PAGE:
Prize-winning human rights activist murdered in Honduras
This week the Honduran environmental and human rights activist Berta Cáceres was murdered. The murder is suspected to have been politically motivated. Honduras is one of the most violent countries in the world, where violence against human rights defenders is a major problem.
The Honduran defender of environmental and human rights Berta Cáceres was shot dead in her own home by two masked men early on Thursday morning. Her brother was also wounded during the attack.
“Blood from human rights defenders continues to flow in Honduras. Her death is a major blow and shows that even someone with a profile of her status, who is internationally renowned, is not safe,” says Reina Rivera Joya, country manager of Diakonia Honduras.
Fought for the environment
Cáceres’ struggle for the environment and human rights has received considerable attention and support throughout the world and in 2015 she was awarded the Goldman Environmental Prize for her environmental work. As a leader of the indigenous Lenca people she succeeded in halting the construction of a dam that threatened not only to place large parts of their territory under water but also led to violent evictions. Their tenacious struggle caused the Chinese company Sinohydro and also the World Bank to withdraw from the project.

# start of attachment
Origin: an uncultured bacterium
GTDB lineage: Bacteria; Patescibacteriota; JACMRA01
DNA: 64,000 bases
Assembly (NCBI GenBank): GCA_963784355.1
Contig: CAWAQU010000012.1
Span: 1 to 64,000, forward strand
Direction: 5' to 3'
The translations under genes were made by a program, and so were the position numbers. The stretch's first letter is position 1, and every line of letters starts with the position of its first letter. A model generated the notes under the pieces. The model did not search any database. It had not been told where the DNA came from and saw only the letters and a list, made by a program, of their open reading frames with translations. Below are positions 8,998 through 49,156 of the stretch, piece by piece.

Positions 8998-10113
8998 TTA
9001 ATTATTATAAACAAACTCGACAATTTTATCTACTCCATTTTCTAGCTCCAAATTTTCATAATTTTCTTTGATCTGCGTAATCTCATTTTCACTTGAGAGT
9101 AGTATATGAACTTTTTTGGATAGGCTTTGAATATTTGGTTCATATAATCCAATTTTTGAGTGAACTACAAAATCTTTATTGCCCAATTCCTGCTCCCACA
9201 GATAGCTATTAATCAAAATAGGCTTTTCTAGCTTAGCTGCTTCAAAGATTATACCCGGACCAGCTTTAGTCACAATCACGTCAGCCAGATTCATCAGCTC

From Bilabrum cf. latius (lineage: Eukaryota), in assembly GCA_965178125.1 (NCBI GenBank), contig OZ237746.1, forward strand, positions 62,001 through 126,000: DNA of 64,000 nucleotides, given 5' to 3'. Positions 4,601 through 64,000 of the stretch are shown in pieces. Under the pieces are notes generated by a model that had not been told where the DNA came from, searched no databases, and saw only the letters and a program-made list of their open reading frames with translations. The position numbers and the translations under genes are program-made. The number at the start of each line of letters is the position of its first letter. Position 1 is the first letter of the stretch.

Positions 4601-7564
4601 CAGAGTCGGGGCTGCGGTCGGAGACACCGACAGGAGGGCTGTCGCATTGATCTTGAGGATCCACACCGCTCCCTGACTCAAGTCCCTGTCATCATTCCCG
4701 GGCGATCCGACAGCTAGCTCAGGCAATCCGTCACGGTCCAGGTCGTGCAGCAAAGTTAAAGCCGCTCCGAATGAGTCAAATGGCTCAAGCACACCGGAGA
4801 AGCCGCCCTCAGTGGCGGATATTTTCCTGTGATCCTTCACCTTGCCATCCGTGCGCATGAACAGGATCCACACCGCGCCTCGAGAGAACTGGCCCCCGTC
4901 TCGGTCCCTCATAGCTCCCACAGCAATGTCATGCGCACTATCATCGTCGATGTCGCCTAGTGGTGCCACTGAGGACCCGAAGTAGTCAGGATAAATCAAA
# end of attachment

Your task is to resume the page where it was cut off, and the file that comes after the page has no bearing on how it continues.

Cáceres is one of many who were granted protection via the fund launched by Diakonia and its partners in Honduras. The aim of the fund is to offer support and protection to threatened human rights defenders.
A political murder
“Unfortunately this year the project was resumed by national companies and so the evictions and threats started up again, especially towards Berta, and we are therefore convinced that the murder was politically motivated,” explains Rivera Joya.
The police classified the act as a robbery and murder, something that has been strongly criticised by both the family and international organizations which think that the act was politically motivated. Cáceres was murdered in her own home only a week after receiving death threats for her opposition to the construction of the dam.